Viewing 28 posts - 1 through 28 (of 28 total)
  • Steel gurus in da house? can I weld cracked 853?
  • woodsman
    Member

    My tig welded 'conical 853' has developed a crack headtube to down tube 13.6mm one side, and 7.9 the other. I use mig welding a lot in my work, can I weld this (I can of course) but will it change the properties of the 853 through the heat process mainly, to warrant not repairing it? Any other issues I should be aware of before attempting….

    PeterPoddy
    Member

    I doubt that's the metal that's cracked. A crack will follow a weld, or a stress point on one tube. I'd say that's quite possibly a crack in the paint or the laquer.

    nols
    Member

    very unlikely that that is a metal crack… 853 is an air hardening steel, so the heating process actually make the frame stronger. If I were you i'd strip the area back with some nitromores or similar and have a look under the paint.

    woodsman
    Member

    I wish that was the case Peter – I'm 99.9% sure it's a crack.

    Premier Icon cynic-al
    Subscriber

    Did soulrider's not go in a similar fashion?

    In any event 'd be checking it is a crack then asking a frame builder…IIRC MIG welding isn't used on bike frames for a reason!

    PeterPoddy
    Member

    Well all I've got to go on is one pic. And to me, that looks like a paint problem. If you're that sure it's a crack then you'll be ruining the paint anyway, so why not do as Nols suggests and strip a bit of paint off and have a look? If it's cracked, get it off to a framebuilder, if it's not, £30 at the powdercoaters and you're good to go! 🙂

    woodsman
    Member

    I'm awaiting reply from frame builders. That's the sort of info I'm looking for cynic-al. I've worked with steel for over 25 years, so the actual welding would be a piece of pi$$.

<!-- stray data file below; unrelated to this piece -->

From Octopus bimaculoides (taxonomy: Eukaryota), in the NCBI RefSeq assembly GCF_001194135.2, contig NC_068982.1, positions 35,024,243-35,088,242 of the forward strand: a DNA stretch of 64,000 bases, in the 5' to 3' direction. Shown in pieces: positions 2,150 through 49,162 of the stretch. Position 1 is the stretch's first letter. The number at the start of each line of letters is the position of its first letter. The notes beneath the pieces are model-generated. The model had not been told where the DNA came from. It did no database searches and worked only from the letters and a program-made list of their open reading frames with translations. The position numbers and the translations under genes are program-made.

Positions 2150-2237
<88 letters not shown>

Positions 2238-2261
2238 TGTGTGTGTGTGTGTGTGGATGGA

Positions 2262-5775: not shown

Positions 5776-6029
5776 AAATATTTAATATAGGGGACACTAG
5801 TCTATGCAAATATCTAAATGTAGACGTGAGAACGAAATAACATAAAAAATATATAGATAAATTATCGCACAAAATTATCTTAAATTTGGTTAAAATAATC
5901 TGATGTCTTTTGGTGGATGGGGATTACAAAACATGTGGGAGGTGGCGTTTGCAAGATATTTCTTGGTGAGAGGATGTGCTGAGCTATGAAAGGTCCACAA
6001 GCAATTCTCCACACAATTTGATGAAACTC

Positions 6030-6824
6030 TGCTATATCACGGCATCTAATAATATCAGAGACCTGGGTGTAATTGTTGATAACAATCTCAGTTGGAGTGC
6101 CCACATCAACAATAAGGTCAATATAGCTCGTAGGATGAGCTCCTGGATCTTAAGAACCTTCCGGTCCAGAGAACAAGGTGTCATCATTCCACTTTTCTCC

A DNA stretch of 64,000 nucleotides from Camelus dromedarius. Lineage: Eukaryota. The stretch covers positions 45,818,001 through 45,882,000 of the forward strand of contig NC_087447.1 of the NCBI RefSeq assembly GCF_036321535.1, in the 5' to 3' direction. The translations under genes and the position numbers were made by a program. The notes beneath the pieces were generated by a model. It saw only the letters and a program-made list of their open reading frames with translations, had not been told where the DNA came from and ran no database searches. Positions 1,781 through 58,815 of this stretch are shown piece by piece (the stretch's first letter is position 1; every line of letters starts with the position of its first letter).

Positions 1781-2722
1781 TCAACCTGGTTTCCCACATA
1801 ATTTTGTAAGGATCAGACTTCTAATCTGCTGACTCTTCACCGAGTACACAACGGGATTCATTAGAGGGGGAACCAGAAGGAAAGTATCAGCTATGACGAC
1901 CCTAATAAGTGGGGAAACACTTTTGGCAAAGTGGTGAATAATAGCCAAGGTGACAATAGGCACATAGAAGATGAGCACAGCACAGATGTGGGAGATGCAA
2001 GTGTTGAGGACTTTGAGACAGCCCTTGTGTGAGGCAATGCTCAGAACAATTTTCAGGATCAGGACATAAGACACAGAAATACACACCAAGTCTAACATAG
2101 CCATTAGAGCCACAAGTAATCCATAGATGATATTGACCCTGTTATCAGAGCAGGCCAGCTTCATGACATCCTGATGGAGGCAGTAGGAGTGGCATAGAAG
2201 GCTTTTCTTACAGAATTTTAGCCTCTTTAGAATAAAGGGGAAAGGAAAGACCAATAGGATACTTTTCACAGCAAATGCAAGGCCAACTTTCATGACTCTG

Premier Icon cynic-al
    Subscriber

    I think it may be due to the tubing thickness that MIG is not used (which is why you see it on only the cheapest of frames.

    woodsman
    Member

    Yeah, of course I would need to strip the area of paint to weld it anyway. I have all the facilities for that http://www.peterflynnclassiccars.com but, don't want to wreck it by MIG, if that's going to be do irreversable damage.

    bigyinn
    Member

    Not the Thorn is it Pete?

    Odd lines for a crack i'd say, normally they go with the weld not prependicular to it? Can you see anything inside the headtube at all?

    woodsman
    Member

    Yep it is Paul! It's worse than I thought, just riding it round the garden and Waxoyl is seeping through the cracks both sides of the headtube, wipe it clean a minute or two later and bobbles of the stuff appear again – oh the irony!

    bigyinn
    Member

    Another bike that would rather kill itself rather than ride away from the IW!
    Im surprised to say the least. Spoken to Thorn about it? No idea about their warranty tho.
    Hope you get it sorted out.

    hora
    Member

    You've held the frame upto the light and slowly turned it to see if there is an indent around the 'crack' itself?

    Just seems wierd to go like that- if it really is a crack surely it'd have some small rippling or folded slighly?

    Premier Icon wwaswas
    Subscriber